▶︎ Call Me by Your Name is on digital download, Blu-ray and DVD.
The decision to unveil Call Me By Your Name at Sundance and the Berlinale, two festivals that virtually guarantee hostile weather, was a masterstroke. The sensual, sun-kissed pleasure Luca Guadagnino’s ravishing new film trades in seemed all the more precious and poignant as soon as I stepped out of the cinema to face the biting winds and oppressive grey skies of Potsdamer Platz in February.
Inspired by André Aciman’s 2007 novel, Guadagnino invites us to spend a sweltering 1980s summer on the Italian Riviera, in the lush grounds of a sprawling cliffside mansion owned by the Perlmans (Amira Casar and Michael Stuhlbarg), a couple of charismatic, globe-trotting academics. Their precocious teenage son Elio (Timothée Chalamet) idles away his days reading, transcribing sheet music and lounging around with his seemingly part-time girlfriend Marzia (Esther Garrel).
Into this bourgeois fantasy strides Oliver (Armie Hammer), a dashing grad student hired by Elio’s father as a research assistant. Elio is plainly smitten, but Oliver is trickier to fathom, charmingly attentive one moment, dismissively aloof the next. Nevertheless, a bond between the pair begins to form.
The relationship is, to a large extent, defined by a significant age gap – in the novel, Elio is 17, Oliver 24. A more timid filmmaker might have attempted to obfuscate this by casting actors of comparable appearance and stature, preemptively shutting down questions of whether Oliver might be considered predatory. Guadagnino does quite the opposite – Chalamet was 20 at the time of filming but appears younger, with his slight frame, cherubic complexion and awkward gait. Thirty-year-old Hammer meanwhile is practically a living, breathing parody of virile masculinity, all swaggering self-assurance and lingering, suggestive glances. Make no mistake, this a love story between a fully-grown man and someone on the precipice of adulthood, and the film isn’t afraid to confront the specificity of that scenario.
But it swiftly transpires that there’s nothing remotely exploitative afoot here. After Oliver makes a tentative first move – a playful back rub administered in full view of Elio’s friends – he immediately backs off, clearly concerned about overstepping boundaries. Elio, however, is resolutely the master of his own destiny, prepared both emotionally and intellectually to experience the disorienting thrill of a truly intimate relationship – and thus he pursues it unwaveringly. Chalamet conveys this coming-of-age utterly convincingly, with Elio seeming to oscillate between states of listlessness, frustration and arousal.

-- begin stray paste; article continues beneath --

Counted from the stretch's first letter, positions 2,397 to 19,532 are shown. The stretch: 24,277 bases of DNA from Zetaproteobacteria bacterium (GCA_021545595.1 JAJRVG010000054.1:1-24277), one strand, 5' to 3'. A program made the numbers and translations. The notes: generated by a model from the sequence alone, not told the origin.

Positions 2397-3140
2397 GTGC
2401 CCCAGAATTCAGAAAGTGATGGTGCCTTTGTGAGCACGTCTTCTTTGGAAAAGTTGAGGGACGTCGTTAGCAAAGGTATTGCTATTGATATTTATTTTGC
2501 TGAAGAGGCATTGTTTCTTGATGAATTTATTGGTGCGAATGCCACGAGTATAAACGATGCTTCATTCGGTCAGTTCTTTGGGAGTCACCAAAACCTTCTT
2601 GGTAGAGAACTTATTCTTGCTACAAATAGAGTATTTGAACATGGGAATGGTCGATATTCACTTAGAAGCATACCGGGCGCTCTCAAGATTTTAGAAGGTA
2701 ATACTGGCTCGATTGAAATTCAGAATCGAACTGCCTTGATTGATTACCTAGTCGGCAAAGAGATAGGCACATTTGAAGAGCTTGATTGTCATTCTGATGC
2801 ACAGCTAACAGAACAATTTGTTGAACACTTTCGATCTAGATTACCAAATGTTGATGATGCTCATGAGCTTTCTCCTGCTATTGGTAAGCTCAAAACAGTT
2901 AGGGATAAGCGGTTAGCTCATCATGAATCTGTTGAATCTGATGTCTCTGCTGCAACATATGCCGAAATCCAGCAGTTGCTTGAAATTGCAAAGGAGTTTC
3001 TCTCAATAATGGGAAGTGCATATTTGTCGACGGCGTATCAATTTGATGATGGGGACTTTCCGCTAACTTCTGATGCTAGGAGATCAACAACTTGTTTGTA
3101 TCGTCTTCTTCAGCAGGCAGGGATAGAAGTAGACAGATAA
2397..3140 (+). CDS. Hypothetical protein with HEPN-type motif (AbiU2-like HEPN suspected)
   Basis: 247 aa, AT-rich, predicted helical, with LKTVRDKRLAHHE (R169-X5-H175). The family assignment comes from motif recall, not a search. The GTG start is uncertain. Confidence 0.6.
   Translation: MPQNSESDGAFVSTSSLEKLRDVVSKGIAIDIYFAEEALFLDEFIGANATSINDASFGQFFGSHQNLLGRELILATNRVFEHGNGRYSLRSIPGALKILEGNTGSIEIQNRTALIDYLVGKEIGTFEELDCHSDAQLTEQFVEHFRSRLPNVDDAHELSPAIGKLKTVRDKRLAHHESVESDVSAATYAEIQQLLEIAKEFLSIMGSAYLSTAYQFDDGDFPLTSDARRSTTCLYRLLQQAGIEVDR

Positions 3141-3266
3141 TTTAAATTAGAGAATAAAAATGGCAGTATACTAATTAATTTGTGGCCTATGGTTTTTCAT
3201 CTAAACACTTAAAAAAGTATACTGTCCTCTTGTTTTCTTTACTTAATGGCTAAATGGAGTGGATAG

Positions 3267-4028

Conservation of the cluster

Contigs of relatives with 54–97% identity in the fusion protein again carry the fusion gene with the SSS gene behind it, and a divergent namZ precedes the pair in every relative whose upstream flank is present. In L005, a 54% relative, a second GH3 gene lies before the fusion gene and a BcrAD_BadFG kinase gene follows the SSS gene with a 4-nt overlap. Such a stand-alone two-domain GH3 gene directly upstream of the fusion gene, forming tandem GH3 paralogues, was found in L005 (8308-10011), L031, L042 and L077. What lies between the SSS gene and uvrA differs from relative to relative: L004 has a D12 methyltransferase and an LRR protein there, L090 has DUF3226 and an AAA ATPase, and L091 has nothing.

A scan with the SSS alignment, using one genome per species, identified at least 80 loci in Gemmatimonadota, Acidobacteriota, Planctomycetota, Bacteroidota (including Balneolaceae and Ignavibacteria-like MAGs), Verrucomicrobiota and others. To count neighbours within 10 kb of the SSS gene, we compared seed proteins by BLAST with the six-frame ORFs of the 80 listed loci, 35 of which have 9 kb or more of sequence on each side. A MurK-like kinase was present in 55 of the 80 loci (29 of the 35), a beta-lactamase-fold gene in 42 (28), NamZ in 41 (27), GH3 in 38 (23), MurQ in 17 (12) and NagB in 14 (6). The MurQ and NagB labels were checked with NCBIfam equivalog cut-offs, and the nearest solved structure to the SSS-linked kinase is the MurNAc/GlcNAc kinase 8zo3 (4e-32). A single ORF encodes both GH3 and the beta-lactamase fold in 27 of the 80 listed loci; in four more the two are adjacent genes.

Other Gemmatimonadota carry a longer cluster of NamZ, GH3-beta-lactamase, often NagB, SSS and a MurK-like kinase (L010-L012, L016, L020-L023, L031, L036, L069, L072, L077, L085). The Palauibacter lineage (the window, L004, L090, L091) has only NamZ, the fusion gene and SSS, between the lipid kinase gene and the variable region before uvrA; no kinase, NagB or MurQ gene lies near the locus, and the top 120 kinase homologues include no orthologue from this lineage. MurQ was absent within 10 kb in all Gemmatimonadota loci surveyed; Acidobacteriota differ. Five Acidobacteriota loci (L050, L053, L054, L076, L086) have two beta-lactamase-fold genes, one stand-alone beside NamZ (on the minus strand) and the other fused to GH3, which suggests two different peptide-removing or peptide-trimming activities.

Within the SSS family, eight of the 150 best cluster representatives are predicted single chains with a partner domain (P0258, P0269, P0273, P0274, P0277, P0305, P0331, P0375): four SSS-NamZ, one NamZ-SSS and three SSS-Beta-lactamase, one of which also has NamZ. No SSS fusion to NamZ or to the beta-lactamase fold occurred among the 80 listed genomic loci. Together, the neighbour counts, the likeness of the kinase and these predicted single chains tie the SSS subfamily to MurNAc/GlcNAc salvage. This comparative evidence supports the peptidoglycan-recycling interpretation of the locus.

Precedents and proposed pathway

Reining in the ostentatious directorial style he peddled in I Am Love and A Bigger Splash, Guadagnino is content here to linger by the poolside as an enraptured voyeur, revelling not only in the simmering erotic tension, but also in the meals his characters share and the bucolic landscape they inhabit. The film is set in 1983, just as the gay community faced its darkest hour with the onset of the Aids epidemic and the ensuing hysteria. But the director has little interest in the outside world, instead presenting a kind of hermetically sealed utopia in which the protagonists can make sense of their conflicting feelings and explore their desires without fear of reproach or repercussion.
Stripped of the baggage that so often complicates and corrupts queer romance, Call Me by Your Name is allowed to flourish as an unfiltered evocation of the agony and ecstasy of first love.
- Reviewed from the 2017 Berlinale.
“Viva cinema!”: Luca Guadagnino immerses himself in electric shadows
The director of Call Me By Your Name and We Are Who We Are tells us about the movie theatres that made him – and why we now need a Marshall plan for cinemas.
By Luca Guadagnino
Sign up for Sight & Sound’s Weekly Film Bulletin and more
News, reviews and archive features every Friday, and information about our latest magazine once a month.
Originally published: 22 February 2017